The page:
ObamaCare (PPACA)
A simple summary of where we are with the Patient Protection and Affordable Care Act (PPACA) or ObamaCare. The Supreme Court ruled on June 28, 2012 that the law was not unconstitutional, but offered confusing explanations within its decision. “The Affordable Care Act is constitutional in part and unconstitutional in part,” Roberts wrote. First, The Court upheld the federal takeover of 1/6th of the US economy and ObamaCare implementations will continue. On August 1, 2012 the controversial HHS contraceptive mandate took effect. Second, the Court said that it is reasonable to construe what Congress has done as increasing taxes on those who have a certain amount of income, but (who) choose to go without health insurance. Such legislation is within Congress’s power to tax.” But, “the individual mandate cannot be upheld as an exercise of Congress’s power under the Commerce Clause. That Clause authorizes Congress to regulate interstate commerce, not to order individuals to engage in it.” Third, as for the Medicaid expansion, "that portion of the Affordable Care Act violates the Constitution by threatening existing Medicaid funding," Roberts wrote. "Congress has no authority to order the States to regulate according to its instructions. ... The remedy for that constitutional violation is to preclude the Federal Government from imposing such a sanction." So there you have it; ObamaCare continues as a tax, the mandate is unconstitutional (but because the program continues as a tax that item is irrelevant), and the Medicaid expansion cannot be forced on the states. Open enrollment for the new federally run health-care exchanges are scheduled to start Oct. 1, 2013, with all Americans having access to affordable health insurance options effective January 1, 2014. See timeline here. Find your state's Health Exchange here. State-by-State Insurance Information is available at this site.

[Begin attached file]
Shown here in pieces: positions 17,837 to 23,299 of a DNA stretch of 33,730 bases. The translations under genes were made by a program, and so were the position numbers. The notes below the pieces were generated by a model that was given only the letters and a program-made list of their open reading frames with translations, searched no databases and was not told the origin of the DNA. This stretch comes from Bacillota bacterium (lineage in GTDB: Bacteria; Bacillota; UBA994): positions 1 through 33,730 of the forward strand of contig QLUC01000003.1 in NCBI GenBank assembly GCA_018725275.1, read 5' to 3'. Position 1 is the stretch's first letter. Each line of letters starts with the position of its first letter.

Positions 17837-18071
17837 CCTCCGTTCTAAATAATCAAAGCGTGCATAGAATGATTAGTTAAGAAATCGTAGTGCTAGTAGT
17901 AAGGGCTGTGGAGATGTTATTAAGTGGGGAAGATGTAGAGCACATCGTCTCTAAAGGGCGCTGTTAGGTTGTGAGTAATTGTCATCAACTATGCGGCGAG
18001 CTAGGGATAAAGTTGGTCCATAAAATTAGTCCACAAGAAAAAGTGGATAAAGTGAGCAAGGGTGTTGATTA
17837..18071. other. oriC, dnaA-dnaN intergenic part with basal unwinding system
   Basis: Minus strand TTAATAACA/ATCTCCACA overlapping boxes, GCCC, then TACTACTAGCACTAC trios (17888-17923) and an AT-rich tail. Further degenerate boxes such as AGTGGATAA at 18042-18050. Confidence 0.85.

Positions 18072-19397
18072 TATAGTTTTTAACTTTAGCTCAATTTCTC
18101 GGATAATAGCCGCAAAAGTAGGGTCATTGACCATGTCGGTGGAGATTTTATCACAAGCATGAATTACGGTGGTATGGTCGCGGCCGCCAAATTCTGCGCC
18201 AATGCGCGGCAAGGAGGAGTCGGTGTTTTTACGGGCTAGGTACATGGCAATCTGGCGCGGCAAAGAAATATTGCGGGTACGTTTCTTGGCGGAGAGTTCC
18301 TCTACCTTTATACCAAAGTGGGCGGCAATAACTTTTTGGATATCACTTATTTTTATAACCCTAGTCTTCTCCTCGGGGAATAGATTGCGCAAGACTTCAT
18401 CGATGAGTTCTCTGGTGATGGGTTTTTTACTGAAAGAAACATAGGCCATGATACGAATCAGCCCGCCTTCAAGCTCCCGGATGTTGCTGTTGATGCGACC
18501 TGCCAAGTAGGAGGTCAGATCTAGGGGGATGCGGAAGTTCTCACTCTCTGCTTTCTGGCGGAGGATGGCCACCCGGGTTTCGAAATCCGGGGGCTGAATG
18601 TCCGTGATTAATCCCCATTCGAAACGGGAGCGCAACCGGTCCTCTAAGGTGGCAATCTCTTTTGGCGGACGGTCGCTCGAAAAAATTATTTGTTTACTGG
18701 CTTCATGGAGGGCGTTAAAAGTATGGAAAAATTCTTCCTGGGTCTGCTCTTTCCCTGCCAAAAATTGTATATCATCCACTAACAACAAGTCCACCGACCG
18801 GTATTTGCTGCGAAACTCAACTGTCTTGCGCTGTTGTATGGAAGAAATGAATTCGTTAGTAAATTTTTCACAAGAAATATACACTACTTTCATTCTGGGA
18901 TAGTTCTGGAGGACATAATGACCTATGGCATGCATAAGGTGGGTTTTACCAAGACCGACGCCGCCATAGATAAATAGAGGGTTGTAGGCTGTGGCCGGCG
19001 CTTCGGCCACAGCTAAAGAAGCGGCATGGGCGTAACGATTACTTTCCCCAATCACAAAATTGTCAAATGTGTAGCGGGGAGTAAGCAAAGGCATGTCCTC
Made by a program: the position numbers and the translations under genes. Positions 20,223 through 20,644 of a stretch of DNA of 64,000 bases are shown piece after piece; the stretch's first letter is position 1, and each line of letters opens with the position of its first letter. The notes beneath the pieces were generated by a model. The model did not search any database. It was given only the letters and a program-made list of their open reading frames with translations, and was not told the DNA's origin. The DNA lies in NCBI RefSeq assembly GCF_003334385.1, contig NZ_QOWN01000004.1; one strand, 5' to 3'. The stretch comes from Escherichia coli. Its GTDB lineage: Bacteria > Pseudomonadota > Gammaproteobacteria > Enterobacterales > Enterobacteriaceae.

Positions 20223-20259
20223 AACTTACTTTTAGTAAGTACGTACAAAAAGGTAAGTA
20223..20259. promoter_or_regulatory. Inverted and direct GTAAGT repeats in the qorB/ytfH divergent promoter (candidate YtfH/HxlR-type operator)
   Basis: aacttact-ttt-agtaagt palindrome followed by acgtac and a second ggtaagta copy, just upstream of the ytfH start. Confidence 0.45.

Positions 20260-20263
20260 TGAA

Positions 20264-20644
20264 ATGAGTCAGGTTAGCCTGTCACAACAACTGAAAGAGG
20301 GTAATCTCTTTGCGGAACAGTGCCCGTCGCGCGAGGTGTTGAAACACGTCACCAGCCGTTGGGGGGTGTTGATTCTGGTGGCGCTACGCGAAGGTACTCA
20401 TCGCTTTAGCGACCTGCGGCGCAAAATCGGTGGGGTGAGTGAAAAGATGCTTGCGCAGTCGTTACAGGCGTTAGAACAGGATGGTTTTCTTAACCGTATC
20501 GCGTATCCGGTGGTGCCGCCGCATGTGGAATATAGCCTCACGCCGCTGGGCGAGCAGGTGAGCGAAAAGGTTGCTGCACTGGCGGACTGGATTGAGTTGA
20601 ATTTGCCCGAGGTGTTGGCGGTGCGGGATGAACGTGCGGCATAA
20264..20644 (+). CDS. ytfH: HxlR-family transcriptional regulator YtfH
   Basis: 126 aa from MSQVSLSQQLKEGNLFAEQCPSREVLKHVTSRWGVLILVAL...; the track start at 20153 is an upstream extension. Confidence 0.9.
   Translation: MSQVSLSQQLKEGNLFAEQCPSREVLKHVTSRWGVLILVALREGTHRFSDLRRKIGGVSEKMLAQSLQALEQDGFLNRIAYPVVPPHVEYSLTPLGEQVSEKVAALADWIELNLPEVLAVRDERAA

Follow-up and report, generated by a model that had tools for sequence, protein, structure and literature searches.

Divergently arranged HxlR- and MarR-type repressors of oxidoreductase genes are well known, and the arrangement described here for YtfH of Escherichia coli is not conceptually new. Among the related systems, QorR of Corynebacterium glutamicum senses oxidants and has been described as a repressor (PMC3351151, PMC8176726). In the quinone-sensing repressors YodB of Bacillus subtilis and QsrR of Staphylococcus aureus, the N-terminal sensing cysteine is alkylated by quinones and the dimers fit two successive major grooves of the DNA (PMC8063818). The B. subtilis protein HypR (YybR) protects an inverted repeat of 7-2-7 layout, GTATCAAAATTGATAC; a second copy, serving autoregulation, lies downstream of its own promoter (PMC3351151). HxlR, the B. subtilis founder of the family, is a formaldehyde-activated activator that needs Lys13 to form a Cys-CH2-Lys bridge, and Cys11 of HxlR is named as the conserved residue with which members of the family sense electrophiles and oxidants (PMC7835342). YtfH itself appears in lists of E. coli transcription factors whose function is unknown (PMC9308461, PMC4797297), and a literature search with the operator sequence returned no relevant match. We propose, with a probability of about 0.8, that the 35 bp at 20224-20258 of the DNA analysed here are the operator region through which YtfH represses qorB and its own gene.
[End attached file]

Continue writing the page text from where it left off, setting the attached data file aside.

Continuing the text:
The Perils of Single Payer Healthcare; Saving Charlie Gard

7/8/17
from The Wall Street Journal,
7/7/17:

Why should technical expertise be elevated over parental love?

Charlie Gard, an 11-month old British child with a rare genetic disease, is today the most famous baby in the world. For all the wrong reasons. Even as he remains on life support at a British hospital, he has attracted the attention of the President of the United States, the pope, the British courts and the European Court of Human Rights. All because his government has backed medical experts who say the experimental treatment offered by hospitals abroad—treatments his family hopes to try and is willing to pay for themselves—would only prolong his suffering. On Friday came news that the hospital asked for a new court hearing after researchers at two hospitals abroad offered “fresh evidence” on experimental treatments for the baby’s condition. It may be that the experts the British and European courts invoke are right, that even with treatment Charlie won’t live much longer than he might with new interventions. But it’s not their decision to make. Or shouldn’t be. Charlie’s mother says the hospital won’t allow her and her husband to bring their boy home, meaning that if he is to die, it will be with the hospital and not at home with those who love him. Which raises a question: Whose baby is Charlie, anyway—his parents’ or the state’s? In this delicate case, Britain’s national care system has elevated technical expertise over parental love. Europe is much further along than America in its aggressive secularization and single-payer health-care control. Those values and priorities are on prominent display here, with an infant’s court-ordered guardian invoking “quality of life” as a reason for not allowing his parents to try experimental treatment. Precedents matter when a society is confronted with these dilemmas. If the courts prevail in Charlie’s case, it isn’t so difficult to imagine another court ruling that a child with severe Down Syndrome or some other genetic disease also doesn’t have the right quality of life. Who decides? Our vote remains with the parents.

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